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The Surprising Support of Small Business Owners for Hiking the Minimum Wage

David Callahan

We've heard it again and again for decades: Raising the minimum wage is bad for small businesses, raising their labor costs and lowering the number of people businesses hire overall. These arguments are front and center again now, as Democrats in Washington push to raise the federal minimum wage and similar proposals are advanced in various states.

It turns out, though, that many small business owners themselves don't believe this line. That's the finding of a Gallup poll of such folks released last week. The survey found that 47 percent of small business owners surveyed approved of a proposal to hike the minimum wage to $9.50 an hour. Half of small business owners disapproved of the proposal.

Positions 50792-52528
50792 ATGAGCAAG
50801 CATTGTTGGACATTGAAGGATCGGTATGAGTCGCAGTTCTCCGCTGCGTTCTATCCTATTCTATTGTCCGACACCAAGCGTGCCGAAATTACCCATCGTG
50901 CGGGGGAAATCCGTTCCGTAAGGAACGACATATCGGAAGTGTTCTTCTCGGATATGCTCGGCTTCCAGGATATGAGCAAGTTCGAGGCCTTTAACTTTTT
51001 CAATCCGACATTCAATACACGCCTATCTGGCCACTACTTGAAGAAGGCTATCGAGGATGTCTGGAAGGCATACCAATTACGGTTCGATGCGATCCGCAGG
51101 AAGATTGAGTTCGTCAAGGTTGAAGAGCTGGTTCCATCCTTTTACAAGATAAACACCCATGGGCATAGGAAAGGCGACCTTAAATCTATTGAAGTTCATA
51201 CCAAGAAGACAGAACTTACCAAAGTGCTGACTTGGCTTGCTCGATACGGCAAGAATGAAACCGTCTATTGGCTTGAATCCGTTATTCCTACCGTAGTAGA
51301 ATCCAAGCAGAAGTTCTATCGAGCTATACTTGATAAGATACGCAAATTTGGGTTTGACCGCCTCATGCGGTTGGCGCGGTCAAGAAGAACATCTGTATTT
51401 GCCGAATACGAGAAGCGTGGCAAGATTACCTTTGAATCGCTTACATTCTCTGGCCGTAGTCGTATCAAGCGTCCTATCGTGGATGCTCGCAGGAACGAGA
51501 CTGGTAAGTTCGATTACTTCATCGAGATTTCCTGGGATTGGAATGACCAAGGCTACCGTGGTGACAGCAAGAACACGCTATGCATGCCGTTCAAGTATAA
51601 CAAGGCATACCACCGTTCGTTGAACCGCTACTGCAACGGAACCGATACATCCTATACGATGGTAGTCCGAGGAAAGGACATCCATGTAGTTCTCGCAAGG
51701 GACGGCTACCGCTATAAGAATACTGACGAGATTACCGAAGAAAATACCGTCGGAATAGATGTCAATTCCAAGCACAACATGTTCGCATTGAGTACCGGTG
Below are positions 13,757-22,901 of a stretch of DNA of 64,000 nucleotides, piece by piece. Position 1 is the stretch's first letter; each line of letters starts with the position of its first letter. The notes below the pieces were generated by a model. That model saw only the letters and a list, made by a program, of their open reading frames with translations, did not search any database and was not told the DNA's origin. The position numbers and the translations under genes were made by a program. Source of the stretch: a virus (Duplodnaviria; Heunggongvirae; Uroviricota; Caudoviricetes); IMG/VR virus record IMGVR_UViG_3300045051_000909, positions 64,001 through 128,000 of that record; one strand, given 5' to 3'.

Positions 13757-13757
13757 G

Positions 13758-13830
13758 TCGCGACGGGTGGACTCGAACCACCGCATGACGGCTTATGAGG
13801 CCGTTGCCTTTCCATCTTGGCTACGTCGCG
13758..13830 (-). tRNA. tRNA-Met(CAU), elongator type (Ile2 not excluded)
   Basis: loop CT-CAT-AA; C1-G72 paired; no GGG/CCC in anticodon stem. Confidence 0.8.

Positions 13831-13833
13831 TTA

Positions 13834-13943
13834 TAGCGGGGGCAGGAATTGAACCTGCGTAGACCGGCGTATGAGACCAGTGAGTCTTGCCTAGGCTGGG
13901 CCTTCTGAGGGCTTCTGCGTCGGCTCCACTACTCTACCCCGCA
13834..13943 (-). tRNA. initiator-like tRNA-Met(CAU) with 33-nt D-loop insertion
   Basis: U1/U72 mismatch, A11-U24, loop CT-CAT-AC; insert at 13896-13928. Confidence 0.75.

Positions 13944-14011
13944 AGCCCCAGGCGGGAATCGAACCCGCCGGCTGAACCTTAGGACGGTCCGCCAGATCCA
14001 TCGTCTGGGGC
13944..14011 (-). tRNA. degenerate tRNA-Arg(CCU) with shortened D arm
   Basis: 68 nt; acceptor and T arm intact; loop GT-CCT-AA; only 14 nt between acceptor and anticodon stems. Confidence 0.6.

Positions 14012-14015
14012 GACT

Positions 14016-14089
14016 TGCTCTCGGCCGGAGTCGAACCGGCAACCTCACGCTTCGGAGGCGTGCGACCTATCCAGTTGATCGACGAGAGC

In other words, small business owners are neatly divided on the minimum wage issue.
Digging deeper, the poll asked other questions that reveal a multifaceted view of how raising the minimum wage would actually affect business. Sixty percent of respondents said such a hike would hurt small business owners, but most didn't think it would change their own businesses:
While small-business owners foresee a minimum wage increase harming most small business, when looking at possible ramifications of a higher minimum wage, such as reduced workforces or workers' benefits, majorities of small-business owners do not anticipate making such changes. 
Interestingly, the poll didn't ask small business owners one of the most obvious questions: Namely, whether higher wages for workers would mean lower profits for themselves. That's a central issue here. And it's probably going to be the case that most small business owners don't want to be forced to more generously share the wealth with workers -- and fear of exactly that could be the main reason for opposition to a higher minimum wage. 
But greed is not a strong reason to keep the minimum wage near today's historic low. On the contrary, as we've argued here often, a better sharing of profits with workers -- including by small business owners -- would benefit the economy overall and reduce reliance on public safety net programs.